Statesman, businessman, book publisher and collector, author, and patron of the arts, Courtenay was a self-made man, positive and aggressive in personality, somewhat nervous in temperament, and possessed of "indomitable courage, rare intelligence, great capacity for work and splendid executive ability." (3) His belief in the importance of local and national history and, more importantly, in the need for preserving it, influenced the way he played his long and active role as a man of arts and letters. Apparently, he took seriously the quotation from a thirteenth-century Courtenay ancestor, Edward, Earl of Devon, which he had engraved on his bookplate:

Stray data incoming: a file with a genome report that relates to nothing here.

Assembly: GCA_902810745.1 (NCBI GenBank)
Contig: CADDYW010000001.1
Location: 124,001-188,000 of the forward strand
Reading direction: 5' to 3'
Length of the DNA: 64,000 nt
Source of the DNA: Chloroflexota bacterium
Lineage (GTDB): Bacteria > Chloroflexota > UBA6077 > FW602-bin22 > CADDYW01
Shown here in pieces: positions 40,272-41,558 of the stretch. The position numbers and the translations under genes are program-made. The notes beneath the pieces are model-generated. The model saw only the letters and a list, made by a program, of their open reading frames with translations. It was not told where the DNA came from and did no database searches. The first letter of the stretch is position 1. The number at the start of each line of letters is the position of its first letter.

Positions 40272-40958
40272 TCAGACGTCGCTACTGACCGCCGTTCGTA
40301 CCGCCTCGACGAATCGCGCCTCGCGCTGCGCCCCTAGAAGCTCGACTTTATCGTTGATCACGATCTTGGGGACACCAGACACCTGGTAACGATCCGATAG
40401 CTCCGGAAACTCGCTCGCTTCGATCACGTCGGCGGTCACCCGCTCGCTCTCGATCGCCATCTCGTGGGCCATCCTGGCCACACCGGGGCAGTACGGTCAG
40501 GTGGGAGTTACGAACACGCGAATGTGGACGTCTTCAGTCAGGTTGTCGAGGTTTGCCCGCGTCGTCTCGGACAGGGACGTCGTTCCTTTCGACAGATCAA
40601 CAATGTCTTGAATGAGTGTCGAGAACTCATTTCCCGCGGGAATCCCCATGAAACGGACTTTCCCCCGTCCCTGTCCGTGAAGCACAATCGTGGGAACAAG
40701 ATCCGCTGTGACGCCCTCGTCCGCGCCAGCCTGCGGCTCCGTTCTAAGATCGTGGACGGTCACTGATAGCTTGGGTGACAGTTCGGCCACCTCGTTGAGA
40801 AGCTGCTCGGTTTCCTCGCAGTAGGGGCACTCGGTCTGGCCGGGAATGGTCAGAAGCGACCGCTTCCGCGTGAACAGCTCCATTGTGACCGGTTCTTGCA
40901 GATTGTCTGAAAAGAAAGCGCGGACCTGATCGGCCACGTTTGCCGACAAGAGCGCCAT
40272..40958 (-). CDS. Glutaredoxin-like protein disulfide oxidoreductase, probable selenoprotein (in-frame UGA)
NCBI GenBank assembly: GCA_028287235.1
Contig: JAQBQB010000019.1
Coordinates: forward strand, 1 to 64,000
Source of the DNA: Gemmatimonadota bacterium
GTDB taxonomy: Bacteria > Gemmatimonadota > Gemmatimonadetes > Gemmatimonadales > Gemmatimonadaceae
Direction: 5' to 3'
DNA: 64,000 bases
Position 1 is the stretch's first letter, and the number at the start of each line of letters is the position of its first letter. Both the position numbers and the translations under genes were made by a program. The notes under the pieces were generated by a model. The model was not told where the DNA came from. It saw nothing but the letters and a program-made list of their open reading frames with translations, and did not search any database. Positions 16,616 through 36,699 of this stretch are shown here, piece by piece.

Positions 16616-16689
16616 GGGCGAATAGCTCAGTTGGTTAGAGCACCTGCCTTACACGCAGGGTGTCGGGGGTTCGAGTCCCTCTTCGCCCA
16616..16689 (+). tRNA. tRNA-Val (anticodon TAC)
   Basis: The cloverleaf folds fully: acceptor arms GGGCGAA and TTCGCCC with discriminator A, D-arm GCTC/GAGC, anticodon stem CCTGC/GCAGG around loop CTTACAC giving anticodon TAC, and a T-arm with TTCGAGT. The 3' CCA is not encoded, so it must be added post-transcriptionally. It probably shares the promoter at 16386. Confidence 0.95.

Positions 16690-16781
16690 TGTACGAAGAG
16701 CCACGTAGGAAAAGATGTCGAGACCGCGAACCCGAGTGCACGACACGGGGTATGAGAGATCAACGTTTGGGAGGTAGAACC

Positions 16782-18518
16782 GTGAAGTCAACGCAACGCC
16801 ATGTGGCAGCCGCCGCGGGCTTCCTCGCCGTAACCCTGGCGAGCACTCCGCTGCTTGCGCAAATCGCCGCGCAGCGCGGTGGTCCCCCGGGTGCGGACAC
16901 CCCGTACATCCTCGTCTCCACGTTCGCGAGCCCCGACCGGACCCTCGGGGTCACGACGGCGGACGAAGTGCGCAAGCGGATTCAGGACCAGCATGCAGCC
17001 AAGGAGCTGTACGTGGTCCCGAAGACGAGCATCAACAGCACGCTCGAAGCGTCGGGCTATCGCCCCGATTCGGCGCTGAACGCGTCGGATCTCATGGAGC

"I expect to pass through this world but once: if therefore, there be any kindness I can show, or any good thing I can do, let me do it now; let me not defer or neglect it, for I shall not pass this way again."(4)

In this brief essay, I shall consider how Courtenay followed this motto, first as a politician and businessman, and then as a patron of the arts and literature.